It’s Easy! Steps To a Do-It Yourself Eco-Crisis

Written by Wes Walker on April 4, 2014

Global Warming, or Climate Change (or whatever they’ll call it tomorrow) is getting long in the tooth.  Sure, it’s still a great revenue source for pressure groups, and is still effective at browbeating the public to accept policy change but it — like alarmist causes before it — has got a Best Before date.

Since “the rise of the oceans began to slow and our planet began to heal” (not to mention the long, cold winter, some failed predictive models, and Niagara Falls freezing solid… twice) we will need to find our next environment scare.  It just won’t do for us to have nothing to panic about.

The good news is, we already know where to look. It’s simple. Just study the enviro-scares of days gone by, copy their playbook, and get back in the game with a new-and-improved panic.

Then it’s just a matter of certifying specialized experts to authenticate it, lining up lobbyists to hijack (sorry … “improve”) policy, mobilizing some (very lucrative) “charity” groups, set up specialized research grants and (for bonus points) cash in on the business side with products or services that just happen to tie in and profit from the original scare. (Right, Algore?)

We’ve seen quite a few come and go. There was the “Population Bomb”, “Global Cooling” (yes, cooling in the ‘70s), we had Ozone, Acid Rain, using (or not using) bottled water, Saving the Whales (or baby seals or the left-handed-purple-spotted-transgendered mole rat or whatever), Rainforest Deforestation, desertification, and acidification. That’s just naming a few off the top of my head.

What ingredients constitute a proper eco-scare? What makes the big ones effective? A variety of elements, taken together, seem to bring it to critical mass.

The one thing you do not want is a dull statistical problem. People, especially GROUPS of people respond poorly to ordinary facts, plainly stated. Even if your crisis is real, they’ll yawn it off. (Think “debt ceiling”.)

Your biggest problem isn’t an information gap. People know — factually — that they should eat right, get some exercise and save for retirement; they also know that, say, smoking crack or random hook-ups can be dangerous.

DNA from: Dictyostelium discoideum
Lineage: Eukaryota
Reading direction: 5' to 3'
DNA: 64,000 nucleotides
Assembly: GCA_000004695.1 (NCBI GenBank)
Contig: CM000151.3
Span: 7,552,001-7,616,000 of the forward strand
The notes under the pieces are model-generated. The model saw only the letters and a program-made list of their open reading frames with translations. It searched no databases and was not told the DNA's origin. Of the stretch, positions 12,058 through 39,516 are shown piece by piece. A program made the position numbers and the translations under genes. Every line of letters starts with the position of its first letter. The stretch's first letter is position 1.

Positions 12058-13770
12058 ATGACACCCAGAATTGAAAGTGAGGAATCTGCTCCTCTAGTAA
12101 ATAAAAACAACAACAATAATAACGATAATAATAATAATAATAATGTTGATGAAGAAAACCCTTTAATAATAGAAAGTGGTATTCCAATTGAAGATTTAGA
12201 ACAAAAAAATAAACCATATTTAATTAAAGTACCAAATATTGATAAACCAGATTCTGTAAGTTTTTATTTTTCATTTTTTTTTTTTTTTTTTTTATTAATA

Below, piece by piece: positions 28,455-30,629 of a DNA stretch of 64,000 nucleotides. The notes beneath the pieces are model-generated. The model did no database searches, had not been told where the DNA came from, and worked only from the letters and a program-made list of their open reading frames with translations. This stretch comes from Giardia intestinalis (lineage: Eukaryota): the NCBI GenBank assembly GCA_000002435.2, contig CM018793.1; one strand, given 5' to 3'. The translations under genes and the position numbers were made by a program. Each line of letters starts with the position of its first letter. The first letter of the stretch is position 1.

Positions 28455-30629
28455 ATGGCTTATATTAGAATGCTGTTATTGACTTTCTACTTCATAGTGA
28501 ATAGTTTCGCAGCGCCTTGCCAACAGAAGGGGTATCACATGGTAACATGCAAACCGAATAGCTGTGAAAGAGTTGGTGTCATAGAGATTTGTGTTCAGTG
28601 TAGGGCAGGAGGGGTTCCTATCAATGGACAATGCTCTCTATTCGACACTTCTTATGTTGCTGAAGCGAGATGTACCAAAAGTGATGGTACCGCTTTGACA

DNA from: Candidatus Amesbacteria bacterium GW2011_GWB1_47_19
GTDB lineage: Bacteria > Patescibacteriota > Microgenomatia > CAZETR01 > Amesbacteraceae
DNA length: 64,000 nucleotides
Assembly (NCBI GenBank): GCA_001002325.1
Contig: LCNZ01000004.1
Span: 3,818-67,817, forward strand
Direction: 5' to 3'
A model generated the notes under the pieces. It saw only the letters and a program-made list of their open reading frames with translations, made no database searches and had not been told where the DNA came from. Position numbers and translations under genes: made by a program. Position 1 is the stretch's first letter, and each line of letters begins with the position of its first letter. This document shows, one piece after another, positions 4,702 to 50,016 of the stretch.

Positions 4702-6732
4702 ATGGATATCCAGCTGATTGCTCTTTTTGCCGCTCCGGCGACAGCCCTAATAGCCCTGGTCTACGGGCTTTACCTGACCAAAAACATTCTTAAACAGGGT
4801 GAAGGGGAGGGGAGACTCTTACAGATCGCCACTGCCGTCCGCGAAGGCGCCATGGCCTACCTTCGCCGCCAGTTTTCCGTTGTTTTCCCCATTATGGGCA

For some people, knowledge is enough. But many others still over-eat, don’t exercise, waste their money, or take foolish risks. Their problem isn’t ignorance but passion. They DESIRE (emotion) to do something even if they KNOW (reason) that it’s a bad idea.

Your starting point, then, isn’t even the problem. It’s the emotion. You have to “frame the issue” in terms that will generate a specific, useful emotion.

It is important that you trigger the right kind of emotion. Anger, defiance, love, contempt and moral indignation are good if they can be harnessed into action. Passive emotions — like ordinary sadness or happiness — are not.

Now that you have your target emotion, look for issues that can leverage it. There are two elements that will be present in an optimal crisis.

First, the crisis itself should exist as an abstraction. If you select something too specific and measurable, your rate of progress will be evident to all. You risk solving your problem too soon, (cutting off any benefits your crisis was supposed to provide), or having people notice you’re not really solving the problem.

If the problem remains abstract, or requires special instruments and training, the public will have to take someone’s word for it. Then, your crisis can be milked for a long time. For example, cleaning the debris from a local river — not helpful. Solving the problem of the Ozone Hole, or clear-cutting the Rain Forest? Much better.

Second, just like the debt ceiling example, if your crisis is too abstract, nobody will care. This is where “narrative” or “storytelling” plays its role.

Telling someone to put out a campfire? Boring. Nobody cares. But having a bear in a ranger’s hat tell us that only YOU (notice the personal touch?) can prevent forest fires? Suddenly, the viewer is connected to the story, and his actions (now personalized) have greater significance. Do the right thing. The mascot (Smokey) made the abstraction (forest fire) personal. (Which mascot you choose makes a difference. Smokey the Slug would never have worked.)

At this point, things are falling into place.  Now just find a story involving those elements, build a movement around it, make it political, and count your money.

Of course, making it political requires another step.  You need to frame a moral high ground, set up good guys (you) and scapegoats (not-you).

You need villains to punish, behaviour to censure, virtues to reward (enter: government carrots and sticks where money will change hands as fines and/or grants). Companies that play along will get advantages with preferential laws or tax structures. Those that refuse can be buried in red tape by new, specialized government departments.

Let’s try it out. The old narrative with polar bears in the open water isn’t working anymore, since there is now enough ice that you could skate to Russia. But wait! Seals! Everybody loves seals!

If ice is frozen TOO solid (vague, subjective statement), how shall the poor seal come up for air (emotion)? The ice caps are too frozen! Somebody save the seals! (Narrative, Moral Imperative)

Next steps would be the scapegoat and the miracle snake oil cure. But hey, why should I do ALL the work for you?

Image: Curtesy of: